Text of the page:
RealNews

In orange terror alerts, wary cities hold back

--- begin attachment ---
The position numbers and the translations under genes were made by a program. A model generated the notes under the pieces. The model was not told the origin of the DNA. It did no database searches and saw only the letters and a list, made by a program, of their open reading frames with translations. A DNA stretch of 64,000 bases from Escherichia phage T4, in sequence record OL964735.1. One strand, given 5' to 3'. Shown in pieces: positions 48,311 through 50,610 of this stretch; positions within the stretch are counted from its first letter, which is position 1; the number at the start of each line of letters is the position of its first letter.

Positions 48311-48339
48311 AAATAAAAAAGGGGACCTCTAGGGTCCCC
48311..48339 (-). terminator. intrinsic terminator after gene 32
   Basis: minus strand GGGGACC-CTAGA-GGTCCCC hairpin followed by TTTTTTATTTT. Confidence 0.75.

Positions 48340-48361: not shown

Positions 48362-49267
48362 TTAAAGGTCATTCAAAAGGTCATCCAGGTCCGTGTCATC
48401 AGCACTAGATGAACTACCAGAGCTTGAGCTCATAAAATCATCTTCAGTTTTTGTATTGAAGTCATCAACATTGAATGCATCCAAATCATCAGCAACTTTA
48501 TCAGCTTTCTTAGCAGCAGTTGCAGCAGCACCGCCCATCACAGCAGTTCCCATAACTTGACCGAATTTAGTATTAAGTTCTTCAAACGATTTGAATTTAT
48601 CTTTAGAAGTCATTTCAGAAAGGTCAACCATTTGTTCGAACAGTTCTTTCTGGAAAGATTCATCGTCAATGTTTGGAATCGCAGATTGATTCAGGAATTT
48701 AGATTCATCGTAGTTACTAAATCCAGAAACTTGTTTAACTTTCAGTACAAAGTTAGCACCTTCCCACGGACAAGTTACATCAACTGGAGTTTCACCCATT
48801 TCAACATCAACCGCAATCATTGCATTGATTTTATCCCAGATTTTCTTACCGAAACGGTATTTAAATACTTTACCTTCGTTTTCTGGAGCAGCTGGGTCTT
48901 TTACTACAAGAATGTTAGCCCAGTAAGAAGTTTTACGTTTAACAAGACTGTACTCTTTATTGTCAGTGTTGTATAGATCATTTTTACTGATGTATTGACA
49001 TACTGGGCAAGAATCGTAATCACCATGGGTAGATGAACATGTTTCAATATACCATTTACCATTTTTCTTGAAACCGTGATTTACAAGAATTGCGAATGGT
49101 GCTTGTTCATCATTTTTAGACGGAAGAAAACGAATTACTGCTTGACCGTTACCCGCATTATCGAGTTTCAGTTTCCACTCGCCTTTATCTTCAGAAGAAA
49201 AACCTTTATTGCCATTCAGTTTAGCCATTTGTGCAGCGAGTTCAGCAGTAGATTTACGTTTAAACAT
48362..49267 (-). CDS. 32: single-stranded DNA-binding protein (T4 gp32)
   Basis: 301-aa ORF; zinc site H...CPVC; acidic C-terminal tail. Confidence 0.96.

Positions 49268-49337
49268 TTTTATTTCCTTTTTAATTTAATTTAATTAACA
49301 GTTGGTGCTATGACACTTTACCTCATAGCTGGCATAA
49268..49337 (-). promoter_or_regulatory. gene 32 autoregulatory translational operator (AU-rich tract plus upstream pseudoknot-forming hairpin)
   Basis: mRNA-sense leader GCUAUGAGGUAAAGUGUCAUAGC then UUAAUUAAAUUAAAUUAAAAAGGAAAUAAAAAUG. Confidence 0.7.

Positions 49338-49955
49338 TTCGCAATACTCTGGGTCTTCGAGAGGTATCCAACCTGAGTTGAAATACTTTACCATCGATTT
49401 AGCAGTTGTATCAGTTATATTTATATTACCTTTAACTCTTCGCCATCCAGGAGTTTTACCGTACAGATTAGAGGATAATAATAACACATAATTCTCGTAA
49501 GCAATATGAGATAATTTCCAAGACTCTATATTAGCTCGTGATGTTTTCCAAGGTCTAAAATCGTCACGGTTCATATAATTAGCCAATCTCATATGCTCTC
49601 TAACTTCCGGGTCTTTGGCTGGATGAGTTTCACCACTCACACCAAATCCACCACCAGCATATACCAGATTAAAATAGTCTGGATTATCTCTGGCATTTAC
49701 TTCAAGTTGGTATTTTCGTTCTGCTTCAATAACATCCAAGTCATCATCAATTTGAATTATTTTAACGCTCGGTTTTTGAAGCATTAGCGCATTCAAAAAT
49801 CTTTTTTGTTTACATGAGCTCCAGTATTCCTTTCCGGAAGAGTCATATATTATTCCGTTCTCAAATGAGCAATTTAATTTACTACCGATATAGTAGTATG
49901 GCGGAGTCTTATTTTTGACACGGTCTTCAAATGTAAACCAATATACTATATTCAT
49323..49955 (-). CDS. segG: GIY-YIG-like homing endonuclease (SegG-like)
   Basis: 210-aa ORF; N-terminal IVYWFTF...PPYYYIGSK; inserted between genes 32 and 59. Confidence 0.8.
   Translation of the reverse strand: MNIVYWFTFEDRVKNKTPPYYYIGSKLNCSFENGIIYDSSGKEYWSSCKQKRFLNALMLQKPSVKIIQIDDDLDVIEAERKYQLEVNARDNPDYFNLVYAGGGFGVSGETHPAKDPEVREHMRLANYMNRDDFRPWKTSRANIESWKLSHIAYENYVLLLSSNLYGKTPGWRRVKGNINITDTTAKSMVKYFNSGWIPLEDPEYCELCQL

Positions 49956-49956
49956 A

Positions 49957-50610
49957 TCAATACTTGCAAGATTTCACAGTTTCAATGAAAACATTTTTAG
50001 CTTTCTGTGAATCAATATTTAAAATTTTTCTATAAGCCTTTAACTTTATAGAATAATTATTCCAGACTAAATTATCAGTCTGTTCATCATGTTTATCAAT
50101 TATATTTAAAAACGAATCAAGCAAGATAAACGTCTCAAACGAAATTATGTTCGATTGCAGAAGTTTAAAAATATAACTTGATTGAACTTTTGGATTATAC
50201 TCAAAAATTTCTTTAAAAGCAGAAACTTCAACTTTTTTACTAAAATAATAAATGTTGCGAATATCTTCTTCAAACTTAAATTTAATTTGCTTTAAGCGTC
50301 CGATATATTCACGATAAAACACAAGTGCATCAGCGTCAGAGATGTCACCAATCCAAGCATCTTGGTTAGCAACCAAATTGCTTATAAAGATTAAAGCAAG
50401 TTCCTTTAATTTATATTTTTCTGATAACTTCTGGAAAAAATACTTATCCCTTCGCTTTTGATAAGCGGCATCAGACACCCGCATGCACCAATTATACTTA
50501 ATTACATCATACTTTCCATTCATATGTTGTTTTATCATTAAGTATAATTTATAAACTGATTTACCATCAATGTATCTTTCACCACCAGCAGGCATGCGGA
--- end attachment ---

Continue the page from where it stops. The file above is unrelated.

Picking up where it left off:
When U.S. officials first used a color-coded system to issue a national terrorism alert last September, Phoenix police fell in line with virtually all city and state law enforcement agencies. ”We went full bore,” Police Chief Harold Hurtt says of Phoenix’s response to the Code Orange alert, which indicated there was a high risk of an attack. ”We put people on 12-hour shifts, canceled time off. We put people everywhere.” Officers guarded power plants and a gasoline supply depot, and security was increased at Bank One Ballpark, the retractable-roof baseball stadium where the Arizona Diamondbacks play. But by the time U.S. officials had relaxed the threat level two weeks later, Hurtt had concluded that absent a direct threat to Phoenix, his department couldn’t afford to jump every time officials in Washington, D.C., said to do so. Now, a growing number of city and state officials are following Hurtt’s lead. Plagued by tight budgets and fatigued officers — and still frustrated by a lack of specific information from the U.S. government about threats — officials nationwide are cutting back their responses to federal terrorism alerts. Full Story

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